Plus, you’re living with the looming threat of the ax. “There will be multiple rounds of layoffs. Just because you survive the first or the second doesn’t mean you won’t get laid off on the next one,” writes Simon Bisson, a freelance tech journalist who sometimes contributes to The New Stack.
“When is it going to happen to me?” is a common fear, Tacho said. “I want to put myself in a different environment where I have a bit more job security.”
These times of great transition are not times to be overly loyal to your current employer, she emphasized: “Your job does not love you back. Your company, your employer, does not care about you. Because the second something takes the turn, you are just a name in an Excel spreadsheet with a salary. This is a contractual relationship, and corporations don’t have feelings.”
Yes, you can build steadfast relationships in a workplace, but she says you have to get past your feelings of “I should be more loyal. I don’t want to leave before X project is finished.”
“People can say, I’m the master of the universe, but if you show me what you’re doing and we see your code, we can judge.”
—Beatriz Suarez, senior human resources specialist
Women, she noted, are far more likely to worry about employer loyally, as the “stakes are just generally higher for women for future employability.” This includes fear of burning a bridge or having a reference telling a potential employer that the worker left in the middle a big project.
When the world is burning around you, Tacho said, “you just need to get to a point where you can be OK stepping away from something. There’s never a good time to leave your job.”
You don’t need to be loyal to a company or its employees. Public sacrifice and quitting isn’t something that everyone will have the privilege to be able to do. At the best-known brands, those left behind are left dealing with the fact that, as Fiesler put it, “there is a non-zero number of people who are just rooting for people to fail.” But, she reminded us, “it is a perfectly reasonable decision to stay in a job until you have something else lined up.”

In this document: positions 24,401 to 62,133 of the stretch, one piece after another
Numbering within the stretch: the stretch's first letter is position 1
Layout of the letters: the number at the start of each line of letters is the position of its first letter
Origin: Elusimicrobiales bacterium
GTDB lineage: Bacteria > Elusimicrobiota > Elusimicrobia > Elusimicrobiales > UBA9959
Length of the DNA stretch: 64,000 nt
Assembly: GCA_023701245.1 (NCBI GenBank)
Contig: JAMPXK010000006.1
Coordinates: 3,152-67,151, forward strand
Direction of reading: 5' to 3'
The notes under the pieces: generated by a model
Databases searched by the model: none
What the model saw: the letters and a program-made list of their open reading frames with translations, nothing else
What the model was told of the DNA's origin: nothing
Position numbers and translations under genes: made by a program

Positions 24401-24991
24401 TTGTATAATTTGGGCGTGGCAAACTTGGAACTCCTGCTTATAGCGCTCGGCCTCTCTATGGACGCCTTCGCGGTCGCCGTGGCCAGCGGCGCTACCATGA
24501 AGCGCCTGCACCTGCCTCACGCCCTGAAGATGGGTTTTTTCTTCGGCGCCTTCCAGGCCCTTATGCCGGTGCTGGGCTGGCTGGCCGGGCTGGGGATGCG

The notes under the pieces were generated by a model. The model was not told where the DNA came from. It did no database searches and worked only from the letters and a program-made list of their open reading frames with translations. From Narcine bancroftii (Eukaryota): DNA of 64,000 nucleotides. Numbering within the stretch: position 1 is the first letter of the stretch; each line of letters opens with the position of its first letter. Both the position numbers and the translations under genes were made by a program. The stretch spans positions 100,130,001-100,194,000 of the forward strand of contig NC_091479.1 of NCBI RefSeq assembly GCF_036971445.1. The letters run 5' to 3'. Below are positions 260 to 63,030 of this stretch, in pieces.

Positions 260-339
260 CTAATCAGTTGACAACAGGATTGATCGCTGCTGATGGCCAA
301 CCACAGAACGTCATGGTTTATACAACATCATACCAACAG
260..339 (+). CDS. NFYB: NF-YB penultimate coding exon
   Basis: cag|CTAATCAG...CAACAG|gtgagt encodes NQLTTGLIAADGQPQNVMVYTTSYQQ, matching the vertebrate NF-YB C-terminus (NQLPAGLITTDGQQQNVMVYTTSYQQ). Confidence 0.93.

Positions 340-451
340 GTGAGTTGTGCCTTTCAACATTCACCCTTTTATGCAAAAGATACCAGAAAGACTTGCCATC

Evaluate Potential Employers.
Once you’re ready to find your next gig, how do you make sure you aren’t just ending up in another wrong fit?
In just-published research, Fiesler and her student Ella Sarder interviewed graduating computer science students about whether they considered the ethics of a company before deciding to take a job. None of the respondent pool thought knowing about tech ethics would help them get a job, and several thought that knowing or saying anything about ethics would actively keep them from getting one. It offers a grim lens from which the future of tech is viewing the industry they are training to enter.
However, on the other hand, Fiesler has found anecdotal evidence that companies are losing tech talent because they are perceived as having poor ethical reputations. This could particularly hurt Twitter’s next recruitment round because, until last week’s firings, Twitter’s ethics team stood out among social media for its push toward algorithmic transparency.
Now it’s making headlines with rumors of Twitter employees having to sleep at the office to deliver their new CEO Elon Musk’s demands, and his cutting of the company’s traditional monthly ”days of rest.”
On Wednesday, Musk sent his first email to his now halved staff to mandate an immediate full-time return to office, at the same company that two and a half years ago made headlines for adopting a remote-first culture.
“If you want to make a business argument for good ethical practices, no bad PR and you want to hire good people,” are very persuasive, Fiesler said.
Public perception is all well and good, but how can you tell from the outside if a potential employer embraces ethics? Fiesler offered some questions to try to answer during your selection process:
- Do you think that you would be listened to if you raised a potential concern?
- Does the company have processes in place for thinking about the impact of what it’s doing?
- Are there people whose jobs are to think about ethics?
- Do the ethics teammates actually have any power?
- If you had an ethical concern while working there, who would you bring it to?
Plan Your Next Step in Tech.
Are you ready or forced to make a move? Start by updating your résumé, LinkedIn and GitHub, Desseyn said, and make sure you’re added to job boards and recruiter databases. He suggested building a Trello board or some sort of tracking system to keep track of leads that come from your network.
“When you have your mind clear,” Suarez said, it’s time to start your research. She suggested searching for your own job profile on LinkedIn because, especially for those who have been off the job market for a decade or more, there may be some knowledge gaps, again emphasizing how recruiters check GitHub profiles.
“People can say, I’m the master of the universe, but if you show me what you’re doing and we see your code, we can judge,” she said. “Or they have their own website with CV, if they have private projects with part of the code. It helps them to promote their own self-employed services at some point. Even if they intend to work for a third party, they can also accept temporary freelance jobs.”
Just don’t forget, she said, to check if what happened to you is legal, and if you need to take any action. And then be ready to network. Tech workers aren’t necessarily known for being social, Suarez acknowledges. But attending tech community events is an opportunity not only to meet people who can help you, but also to learn.
Also check out these resources:
- How to Make Tech Interviews Suck Less
- How to Negotiate the Tech Salary You Deserve
- Companies Are Hiring Open Source Devs, but Skills Are Rare